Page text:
IT was back to reality for everyone the morning after the Derby at Epsom.
We are very lucky to have lots of other horses with big targets and Royal Ascot is just around the corner, so we have plenty to look forward to.
Andrew Balding hopes filly who has been burning up the gallops can show it on the racecourse.
But it is always a disappointment when you build up expectations and start dreaming you might pull it off, only for it not to pan out.
The Foxes ran a great race in the circumstances in what I think was a very strong Derby — the first two in particular look very, very good.
There was no hard luck involved which is the main thing. He ran well for Oisin but he just didn’t get home, which was the main question mark heading into the race.
As for where we head next, we might get a little inventive and have a crack at a very valuable race in New York early next month.
There is a race worth a lot of money at Belmont Park for three-year-olds which I think would be right up his street.
He is very limited to where he can go at this time of year, the alternative probably being to run in the Coral-Eclipse at Sandown against the best older horses in Europe . . . I just don’t feel he is quite ready for that sort of test.
We would need to receive an invite for the US race — though, given his form, I would be very disappointed if the bigwigs in New York didn’t offer us a spot.
It’s not until July 8, so hopefully those awful wildfires which have left the Big Apple looking apocalyptic have sodded off by then!
The main thing last weekend was getting the Derby on without too much trouble.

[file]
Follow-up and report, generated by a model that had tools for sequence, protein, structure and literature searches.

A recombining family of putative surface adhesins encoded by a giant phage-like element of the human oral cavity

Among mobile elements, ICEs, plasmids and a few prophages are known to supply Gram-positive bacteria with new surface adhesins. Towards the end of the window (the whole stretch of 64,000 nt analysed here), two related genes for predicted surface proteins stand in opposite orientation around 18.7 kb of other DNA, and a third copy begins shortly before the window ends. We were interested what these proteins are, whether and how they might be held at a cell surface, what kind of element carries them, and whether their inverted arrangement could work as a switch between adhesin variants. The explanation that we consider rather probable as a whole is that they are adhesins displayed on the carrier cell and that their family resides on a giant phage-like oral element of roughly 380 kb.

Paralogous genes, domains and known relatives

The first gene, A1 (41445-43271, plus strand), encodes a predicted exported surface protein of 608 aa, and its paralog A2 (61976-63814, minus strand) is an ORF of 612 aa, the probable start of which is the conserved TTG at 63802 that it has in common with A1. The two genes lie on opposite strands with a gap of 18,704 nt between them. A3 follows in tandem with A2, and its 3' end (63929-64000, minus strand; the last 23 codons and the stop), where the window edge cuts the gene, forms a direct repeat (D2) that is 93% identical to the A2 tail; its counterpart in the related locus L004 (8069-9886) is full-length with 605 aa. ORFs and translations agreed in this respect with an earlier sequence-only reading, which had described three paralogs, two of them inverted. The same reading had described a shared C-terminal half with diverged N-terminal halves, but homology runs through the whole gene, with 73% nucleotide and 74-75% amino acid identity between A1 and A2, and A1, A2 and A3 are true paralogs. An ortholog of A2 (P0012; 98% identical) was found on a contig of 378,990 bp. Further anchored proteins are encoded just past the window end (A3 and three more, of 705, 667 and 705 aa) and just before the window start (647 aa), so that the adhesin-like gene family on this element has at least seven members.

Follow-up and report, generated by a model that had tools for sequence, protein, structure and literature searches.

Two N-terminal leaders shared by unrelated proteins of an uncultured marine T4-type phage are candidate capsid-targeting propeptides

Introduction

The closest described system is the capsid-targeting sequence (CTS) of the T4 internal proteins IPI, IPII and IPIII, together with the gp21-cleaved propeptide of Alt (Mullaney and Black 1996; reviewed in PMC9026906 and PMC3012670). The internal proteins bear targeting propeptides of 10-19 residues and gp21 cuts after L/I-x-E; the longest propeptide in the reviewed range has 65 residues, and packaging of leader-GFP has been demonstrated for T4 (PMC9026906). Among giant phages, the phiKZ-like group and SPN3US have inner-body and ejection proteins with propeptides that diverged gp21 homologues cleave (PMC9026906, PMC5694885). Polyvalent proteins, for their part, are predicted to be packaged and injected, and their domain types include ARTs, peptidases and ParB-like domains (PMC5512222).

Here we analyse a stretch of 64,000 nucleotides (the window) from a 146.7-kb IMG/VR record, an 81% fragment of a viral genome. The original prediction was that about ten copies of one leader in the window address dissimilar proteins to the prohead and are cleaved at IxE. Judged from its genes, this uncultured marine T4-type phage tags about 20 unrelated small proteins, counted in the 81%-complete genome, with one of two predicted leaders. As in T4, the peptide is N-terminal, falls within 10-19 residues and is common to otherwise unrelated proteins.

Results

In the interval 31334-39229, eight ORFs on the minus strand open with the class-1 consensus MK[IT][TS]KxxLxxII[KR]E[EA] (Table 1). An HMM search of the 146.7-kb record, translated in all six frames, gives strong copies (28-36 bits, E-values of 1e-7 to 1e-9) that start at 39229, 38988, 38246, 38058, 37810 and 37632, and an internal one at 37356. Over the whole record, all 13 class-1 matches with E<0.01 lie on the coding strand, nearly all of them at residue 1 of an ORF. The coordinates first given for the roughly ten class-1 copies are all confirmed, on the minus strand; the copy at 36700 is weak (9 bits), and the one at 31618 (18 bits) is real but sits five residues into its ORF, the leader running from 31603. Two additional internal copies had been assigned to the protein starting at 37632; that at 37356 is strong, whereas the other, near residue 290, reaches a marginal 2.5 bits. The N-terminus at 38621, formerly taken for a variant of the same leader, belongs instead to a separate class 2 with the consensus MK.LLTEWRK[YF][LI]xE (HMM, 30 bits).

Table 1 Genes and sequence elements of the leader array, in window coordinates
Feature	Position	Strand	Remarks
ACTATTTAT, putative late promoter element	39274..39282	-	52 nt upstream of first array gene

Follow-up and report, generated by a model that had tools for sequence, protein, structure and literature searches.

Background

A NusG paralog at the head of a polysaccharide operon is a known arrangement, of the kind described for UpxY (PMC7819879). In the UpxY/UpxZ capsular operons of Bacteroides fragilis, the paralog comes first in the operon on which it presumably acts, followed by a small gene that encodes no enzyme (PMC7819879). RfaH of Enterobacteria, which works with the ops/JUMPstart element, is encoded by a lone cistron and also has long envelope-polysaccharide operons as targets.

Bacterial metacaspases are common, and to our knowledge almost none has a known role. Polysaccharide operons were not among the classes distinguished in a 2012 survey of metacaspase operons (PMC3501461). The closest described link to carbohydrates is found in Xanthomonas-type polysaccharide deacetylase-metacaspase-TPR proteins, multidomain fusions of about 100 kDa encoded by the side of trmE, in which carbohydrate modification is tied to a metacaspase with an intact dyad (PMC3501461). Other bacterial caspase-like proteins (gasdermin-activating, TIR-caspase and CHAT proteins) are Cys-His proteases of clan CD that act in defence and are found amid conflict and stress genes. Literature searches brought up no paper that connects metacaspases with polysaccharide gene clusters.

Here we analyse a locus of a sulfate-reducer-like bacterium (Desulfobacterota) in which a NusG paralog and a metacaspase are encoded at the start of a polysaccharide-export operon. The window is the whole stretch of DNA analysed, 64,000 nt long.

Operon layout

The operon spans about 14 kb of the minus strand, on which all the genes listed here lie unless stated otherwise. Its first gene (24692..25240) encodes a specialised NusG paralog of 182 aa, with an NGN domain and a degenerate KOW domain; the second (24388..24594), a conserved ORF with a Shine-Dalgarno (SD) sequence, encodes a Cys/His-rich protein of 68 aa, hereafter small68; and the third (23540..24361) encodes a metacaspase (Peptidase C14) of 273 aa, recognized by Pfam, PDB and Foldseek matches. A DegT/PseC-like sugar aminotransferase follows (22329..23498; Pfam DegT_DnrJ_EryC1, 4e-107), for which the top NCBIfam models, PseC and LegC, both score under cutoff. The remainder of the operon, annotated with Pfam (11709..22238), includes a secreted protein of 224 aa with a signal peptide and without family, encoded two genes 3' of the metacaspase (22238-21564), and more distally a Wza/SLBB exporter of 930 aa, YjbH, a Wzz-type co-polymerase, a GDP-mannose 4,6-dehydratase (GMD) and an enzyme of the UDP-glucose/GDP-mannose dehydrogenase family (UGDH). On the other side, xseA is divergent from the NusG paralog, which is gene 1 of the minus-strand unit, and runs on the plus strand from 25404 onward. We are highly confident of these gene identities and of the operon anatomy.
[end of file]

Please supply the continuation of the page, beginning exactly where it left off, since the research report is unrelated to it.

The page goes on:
You have to tip your cap to the Jockey Club and the police, they did a brilliant job because it would have been an absolute disaster if the protesters had got the race called off.
I know a lot of people put in a lot of hard work behind the scenes, and they have done not just our sport but our society a huge favour.
Because you can’t just have people like this deciding big events aren’t going to happen — there are ways to get your message across and that is not one of them.
There was definite apprehension in the air on Derby day, you hear gossip and rumours and see the headlines and you just don’t know what to expect.
I’m glad they failed, pretty miserably in truth, and it’s onwards and upwards.
Mind you, with the train strikes the crowd was noticeably smaller at Epsom which was a real shame.
The place still had a good vibe and it’s an occasion racing should be proud of, though I reckon they should think about moving the race back to a midweek slot.
It was always on a Wednesday and they moved it to the weekend when they felt interest from the public was starting to wane a little.
But there is so much competition on a Saturday for people’s attention. I’m not just talking about other sports — but people have family commitments and it’s much easier to just stay at home and watch on the TV.
You often find big race meetings in the middle of the week do extremely well because people can take a day off and we have much less competition.
It’s something to think about because I think it would work wonders for Derby Day.
Our focus now is entirely on Royal Ascot which is the biggest week of the year for most yards, including ours.
We run a lovely horse called FLORA OF BERMUDA (2.05) in the Hilary Needler at Beverley today and we hope she can book her ticket to the big week.
If she runs as well on the racecourse as what she has shown us on the gallops at home she would have a massive chance. She’s probably our best hope of the day.
But arguably the biggest result of the season so far played out on the Kingsclere cricket pitch the other day when we handed Ralph Beckett’s team a good beating.
We put them in their place quite comfortably — I’m hoping the England boys can do the same to the Aussies when the Ashes start this week!